SHLAFLY DOUBLE SIX

A double-six consists of a pair of ordered 6-tuples of lines (P_{0},…,P_{5}) and (Q_{0},…,Q_{5})
such that each P_{i} meets all the Q_{j} except Q_{i}.

For each i and j consider the intersection of the plane spanned by P_{i} and Q_{j} with that spanned by
P_{j} and Q_{i}; this gives a line R_{ij} which meets all the four lines. This gives us 6 + 6 + = 27
lines1 .

We will construct a Shlafly double-six and write the equation of the (unique) cubic that contains it.

Let F denote the smooth quadric in ℙ^{3} defined by XY - ZT = 0. This contains the lines:

- P
_{1}defined by X = Z = 0. - P
_{2}defined by Y = T = 0. - P
_{3}defined by X = T and Y = Z. - Q
_{4}defined by X = Z and Y = T. - Q
_{5}defined by Y = Z = 0. - Q
_{6}defined by X = T = 0.

This choice of lines means that P_{i} meets Q_{j} for i = 1,2,3 and j = 4,5,6. At the same time the P_{i}’s are
mutually disjoint; as are the Q_{j}’s. Conversely, given such a collection of six lines we can always choose
co-ordinates so that these lines are given by the equations above. As a consequence such a configuration
always lies in a (unique) smooth quadric.

We take a general linear polynomial aT + bX + cY + dZ and consider the cubic surface S defined by the equation

It is clear that the lines above are contained in S. Conversely, any cubic that contains the six lines defined above has this form.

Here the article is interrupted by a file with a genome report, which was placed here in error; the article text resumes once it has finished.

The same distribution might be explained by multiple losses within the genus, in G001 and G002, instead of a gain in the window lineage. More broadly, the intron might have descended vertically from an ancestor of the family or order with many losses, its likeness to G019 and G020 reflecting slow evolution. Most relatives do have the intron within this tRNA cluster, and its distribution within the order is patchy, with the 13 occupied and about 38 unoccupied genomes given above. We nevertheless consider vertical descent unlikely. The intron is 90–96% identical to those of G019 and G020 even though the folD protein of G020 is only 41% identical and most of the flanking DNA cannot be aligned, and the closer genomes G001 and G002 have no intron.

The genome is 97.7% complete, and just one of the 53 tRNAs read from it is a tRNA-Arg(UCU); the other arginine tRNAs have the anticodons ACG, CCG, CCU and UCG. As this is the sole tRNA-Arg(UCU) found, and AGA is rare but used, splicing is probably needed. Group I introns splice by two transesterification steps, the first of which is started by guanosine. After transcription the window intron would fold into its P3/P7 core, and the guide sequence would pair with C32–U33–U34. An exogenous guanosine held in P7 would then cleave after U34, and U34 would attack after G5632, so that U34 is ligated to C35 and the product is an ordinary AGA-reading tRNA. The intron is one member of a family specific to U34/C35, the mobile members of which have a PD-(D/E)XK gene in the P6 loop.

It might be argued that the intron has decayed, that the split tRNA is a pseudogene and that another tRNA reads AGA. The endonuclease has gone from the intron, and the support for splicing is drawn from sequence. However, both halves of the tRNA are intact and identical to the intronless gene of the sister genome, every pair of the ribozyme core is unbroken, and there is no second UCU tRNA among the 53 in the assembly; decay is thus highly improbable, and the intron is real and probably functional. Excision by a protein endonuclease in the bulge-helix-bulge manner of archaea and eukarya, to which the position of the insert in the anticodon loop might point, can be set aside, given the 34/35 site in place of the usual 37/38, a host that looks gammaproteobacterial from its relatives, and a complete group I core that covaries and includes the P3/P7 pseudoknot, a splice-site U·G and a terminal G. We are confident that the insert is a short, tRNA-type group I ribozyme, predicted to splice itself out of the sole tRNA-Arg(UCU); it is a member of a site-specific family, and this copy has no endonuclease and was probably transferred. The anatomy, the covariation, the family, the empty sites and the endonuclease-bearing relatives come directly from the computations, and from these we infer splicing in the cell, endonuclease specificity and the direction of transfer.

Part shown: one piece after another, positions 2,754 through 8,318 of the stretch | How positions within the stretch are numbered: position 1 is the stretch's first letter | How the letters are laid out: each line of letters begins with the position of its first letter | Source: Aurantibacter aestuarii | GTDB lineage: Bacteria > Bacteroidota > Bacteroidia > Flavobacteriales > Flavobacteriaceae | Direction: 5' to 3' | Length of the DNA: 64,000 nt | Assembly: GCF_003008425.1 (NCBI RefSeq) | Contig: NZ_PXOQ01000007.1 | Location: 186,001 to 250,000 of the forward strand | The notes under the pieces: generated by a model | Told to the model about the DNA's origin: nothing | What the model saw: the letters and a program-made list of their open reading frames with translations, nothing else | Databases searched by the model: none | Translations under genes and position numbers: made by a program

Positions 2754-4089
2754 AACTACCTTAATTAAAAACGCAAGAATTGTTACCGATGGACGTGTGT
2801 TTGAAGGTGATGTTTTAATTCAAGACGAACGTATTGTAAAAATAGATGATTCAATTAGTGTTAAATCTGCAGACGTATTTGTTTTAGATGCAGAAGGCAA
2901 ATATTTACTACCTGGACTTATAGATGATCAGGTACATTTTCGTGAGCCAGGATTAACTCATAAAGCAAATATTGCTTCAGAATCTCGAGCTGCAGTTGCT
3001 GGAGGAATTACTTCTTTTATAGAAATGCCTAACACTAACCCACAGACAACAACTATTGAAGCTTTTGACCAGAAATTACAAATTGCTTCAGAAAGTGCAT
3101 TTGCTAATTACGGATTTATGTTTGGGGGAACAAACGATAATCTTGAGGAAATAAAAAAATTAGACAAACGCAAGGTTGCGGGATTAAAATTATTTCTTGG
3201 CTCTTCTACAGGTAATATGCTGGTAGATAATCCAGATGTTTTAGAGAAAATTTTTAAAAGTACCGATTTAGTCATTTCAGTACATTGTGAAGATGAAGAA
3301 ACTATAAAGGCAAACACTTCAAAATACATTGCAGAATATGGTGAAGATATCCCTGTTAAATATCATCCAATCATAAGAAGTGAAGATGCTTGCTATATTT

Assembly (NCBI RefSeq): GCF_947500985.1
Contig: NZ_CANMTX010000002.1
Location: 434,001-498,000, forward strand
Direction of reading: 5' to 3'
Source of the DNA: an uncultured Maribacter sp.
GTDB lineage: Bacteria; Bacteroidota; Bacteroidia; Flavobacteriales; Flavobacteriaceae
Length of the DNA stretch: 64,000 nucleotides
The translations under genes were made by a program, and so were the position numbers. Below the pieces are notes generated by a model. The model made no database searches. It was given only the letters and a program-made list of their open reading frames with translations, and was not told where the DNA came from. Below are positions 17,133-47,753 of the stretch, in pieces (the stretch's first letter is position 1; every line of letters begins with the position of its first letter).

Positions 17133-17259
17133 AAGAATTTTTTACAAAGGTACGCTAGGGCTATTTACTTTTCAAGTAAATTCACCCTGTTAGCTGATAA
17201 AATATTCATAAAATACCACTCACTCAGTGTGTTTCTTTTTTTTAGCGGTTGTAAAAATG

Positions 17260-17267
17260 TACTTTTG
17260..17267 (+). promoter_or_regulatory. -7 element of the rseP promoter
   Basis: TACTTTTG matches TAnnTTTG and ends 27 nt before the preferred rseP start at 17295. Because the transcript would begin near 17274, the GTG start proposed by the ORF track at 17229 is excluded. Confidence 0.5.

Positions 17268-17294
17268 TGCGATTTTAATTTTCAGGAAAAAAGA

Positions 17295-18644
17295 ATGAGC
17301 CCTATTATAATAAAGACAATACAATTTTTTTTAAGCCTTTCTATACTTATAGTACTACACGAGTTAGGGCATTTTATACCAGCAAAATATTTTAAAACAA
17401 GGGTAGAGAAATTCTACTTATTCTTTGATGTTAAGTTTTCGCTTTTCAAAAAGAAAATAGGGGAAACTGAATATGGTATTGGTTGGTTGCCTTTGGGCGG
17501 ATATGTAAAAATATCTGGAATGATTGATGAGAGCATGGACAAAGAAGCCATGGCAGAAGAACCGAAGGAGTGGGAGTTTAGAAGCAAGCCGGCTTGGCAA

We will construct the Shlafly double-six for S by suitably choosing the constants a, b, c, d, e. Now S also contains the lines:

- R
_{16}defined by X = 0 and aX + bY + cZ + dT = 0. - R
_{25}defined by Y = 0 and aX + bY + cZ + dT = 0. - R
_{34}defined by X + Y = Z + T and aX + bY + cZ + dT = 0.

We want a line Q_{1} which meets the lines P_{2}, P_{3} and R_{16}. Since the latter three are skew lines,
Q_{1} is uniquely determined by its intersection with P_{2} as follows. Let us pick a point x_{21} of
P_{2} given by (X : Y : Z : T) = (t : 0 : 1 : 0). Let π_{61} be the span of x_{21} and the line R_{16} and
let π_{31} be the span of x_{21} and the line P_{3}. Then Q_{1} is the line where the planes π_{61} and π_{31}
intersect.

In order that S contains Q_{1} we need to choose the constants a, b, c, d and e so that

If this is done then the cubic S contains Q_{1}. We claim that this cubic contains a Schlafly double-six which
we now construct.

We will repeatedly apply the following construction. Let L_{1}, L_{2}, M_{1} and M_{2} be lines in S such
that:

Let π be the plane containing L_{1} and L_{2}. The intersection of S and π contains L_{1} and L_{2}. The residual
intersection is then another line L_{3}. The intersection of M_{i} with the plane π does not lie on L_{1} or L_{2} and
hence must lie on on L_{3}. We can thus construct L_{3} as the line joining the intersection of M_{1} and π with the
intersection of M_{2} and π. We denote this line by I(L_{1},L_{2},M_{1},M_{2}).

The inductive construction of the remaining lines in the double-six is as follows: